A Sore Test of a New Conviction
Dzokhar Tsarnaev will die unmourned, in prison. This is now inevitable.
Today, he offered an apology and an admission of guilt in court during his sentencing hearing, but to no avail: he was formally sentenced to the judgment of death immediately afterwards.
The mandatory, time-consuming, and expensive appeals and habeas corpus petitions can begin, well, immediately. It’s very hard to feel sorry for Tsarnaev. As I understand the sentencing guidelines, US District Judge George A. O’Toole Jr. had no real choice but to confirm the jury’s sentence of death and enter it as the judgment of the court.
At least his guilt is certain; he readily admits his crime. Stipulated that Tsarnaev deserves the worst fate we can hand out. Still, this is a grave test of my new personal conviction that we cannot morally implement the death penalty.
In my business ethics class, I teach a three-step analysis to determine the ethical permissibility of a given action.
First, does the action likely create a net loss of utility to the system of stakeholders? If so, the action does more harm than good and is for that reason ethically impermissible.
Second, is the decision consistent with Kant’s categorical imperative? If not, the action is ungeneralizable and therefore ethically impermissible.
And third, is the decision inconsistent with virtue, cast through a generally Aristotelian lens? If inconsistent, then it is not a virtuous action and therefore ethically impermissible.
If the given action is “executing the morally excerable mass murderer Dzokhar Tsarnaev,” I can’t even get past the first of these three lenses. What good thing is going to happen if we execute Tsarnaev? It won’t bring back his victims. It won’t make us any safer from future Tsarnaevs. Maybe the families of his victims will feel better. I suspect the families of the victims of the Charleston Massacre feel better already, having forgiven the murderer in that awful scenario — an inspiring act of supreme beauty, grace, and nobility. There’s no net utility in killing this slimeball. About the only people who will really, tangibly, and durably benefit are the lawyers who will be paid fees from taxpayers to challenge arcane evidentiary rulings by Judge O’Toole that ultimately will prove to be of minimal consequence to the outcome of his case.
And we already know that we don’t consistently execute everyone who commits murder, so we have a serious generalizability issue. Can we thrive, flourish, and achieve eudaimonia with Tsarnaev’s death rendered at the hands of the state? Maybe, maybe not.
Now, notwithstanding all of this, yes, had I been in Judge O’Toole’s seat, I’d have done the same thing as he. The law is the law notwithstanding the judge’s personal moral compunctions about it. The judge’s principal duty is to apply the law. I think marijuana ought to be unconditionally decriminalized, but if serving as a judge and presented with an illegal possession case, I’d pronounce sentence per the sentencing guidelines too. A murder case with the death penalty is logically no different. I write today not to opine on the legal correctness of the sentence, but rather to test whether my sense of morality can handle this robust challenge.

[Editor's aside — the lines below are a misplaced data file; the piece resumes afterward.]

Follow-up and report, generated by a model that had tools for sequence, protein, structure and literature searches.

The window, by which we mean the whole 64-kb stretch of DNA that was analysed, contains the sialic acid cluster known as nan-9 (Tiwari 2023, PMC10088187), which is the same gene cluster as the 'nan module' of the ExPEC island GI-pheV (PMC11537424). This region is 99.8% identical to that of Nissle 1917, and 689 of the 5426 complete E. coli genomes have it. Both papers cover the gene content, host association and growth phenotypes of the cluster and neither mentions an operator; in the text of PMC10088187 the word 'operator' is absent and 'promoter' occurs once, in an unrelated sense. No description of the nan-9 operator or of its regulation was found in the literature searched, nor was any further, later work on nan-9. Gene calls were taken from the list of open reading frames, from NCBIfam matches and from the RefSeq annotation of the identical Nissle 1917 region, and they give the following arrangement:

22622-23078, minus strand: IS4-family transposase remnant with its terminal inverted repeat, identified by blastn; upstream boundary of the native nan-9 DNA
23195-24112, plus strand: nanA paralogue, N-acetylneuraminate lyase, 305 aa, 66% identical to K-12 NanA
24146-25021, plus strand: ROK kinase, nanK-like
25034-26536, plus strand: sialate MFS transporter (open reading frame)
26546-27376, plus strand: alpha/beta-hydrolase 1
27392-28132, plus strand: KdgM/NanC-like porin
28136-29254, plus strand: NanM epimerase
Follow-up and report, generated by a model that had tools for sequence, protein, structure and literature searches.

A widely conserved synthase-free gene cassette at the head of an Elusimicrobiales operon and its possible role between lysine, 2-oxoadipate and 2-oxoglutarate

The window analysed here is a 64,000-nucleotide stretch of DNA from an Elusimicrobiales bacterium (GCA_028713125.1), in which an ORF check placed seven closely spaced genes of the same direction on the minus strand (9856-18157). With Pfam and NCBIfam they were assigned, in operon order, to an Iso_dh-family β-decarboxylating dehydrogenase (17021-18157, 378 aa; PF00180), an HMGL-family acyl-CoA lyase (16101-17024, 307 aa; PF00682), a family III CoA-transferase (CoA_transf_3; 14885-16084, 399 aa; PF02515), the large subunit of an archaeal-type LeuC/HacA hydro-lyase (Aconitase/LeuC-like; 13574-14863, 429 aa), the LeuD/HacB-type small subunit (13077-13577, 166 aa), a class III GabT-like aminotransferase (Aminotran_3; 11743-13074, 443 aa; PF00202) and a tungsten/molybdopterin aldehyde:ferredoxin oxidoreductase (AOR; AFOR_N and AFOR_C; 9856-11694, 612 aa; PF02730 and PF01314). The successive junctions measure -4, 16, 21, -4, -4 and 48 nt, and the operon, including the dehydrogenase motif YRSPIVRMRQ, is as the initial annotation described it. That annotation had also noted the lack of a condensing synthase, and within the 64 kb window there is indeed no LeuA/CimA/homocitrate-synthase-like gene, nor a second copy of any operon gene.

If death is important, and it undoubtedly is, then are we going to give Mr. Tsarnaev the painless, dignified death which he did not afford his victims? That doesn’t seem just to me. Isn’t it worth considering that maybe the prospect of spending the rest of his life in prison (he is a very young man), knowing he will never, ever be let out, worse than killing him in a few years after some lawyers have gone through the motions of ensuring that the process used to reach this result was close enough to perfect?
Dzokhar Tsarnaev will die unmourned, in prison. That’s inevitable, that’s a result pretty much everyone thinks is what ought to happen. We can do it a little bit sooner, somehow, if we find the right way to do it (and that way may not be lethal injection, at least not as we know it today) and after we spend a whole lot of money on lawyers and a whole lot of judicial resources that could otherwise have been spent on getting better justice in other cases. Or, we can let him rot in a cruddy cell eating cruddy food without liberty for the rest of his actuarially-expected 61.3 years, and not even a court-appointed lawyer for a friend.
On his own rights, Tsarnaev deserves the worst thing we can do to him. And frankly, I think that the worst thing we can do with him is give him life, not give him death.
Burt Likko is the pseudonym of an attorney in Southern California. His interests include Constitutional law with a special interest in law relating to the concept of separation of church and state, cooking, good wine, and bad science fiction movies. Follow his sporadic Tweets at @burtlikko, and his Flipboard at Burt Likko.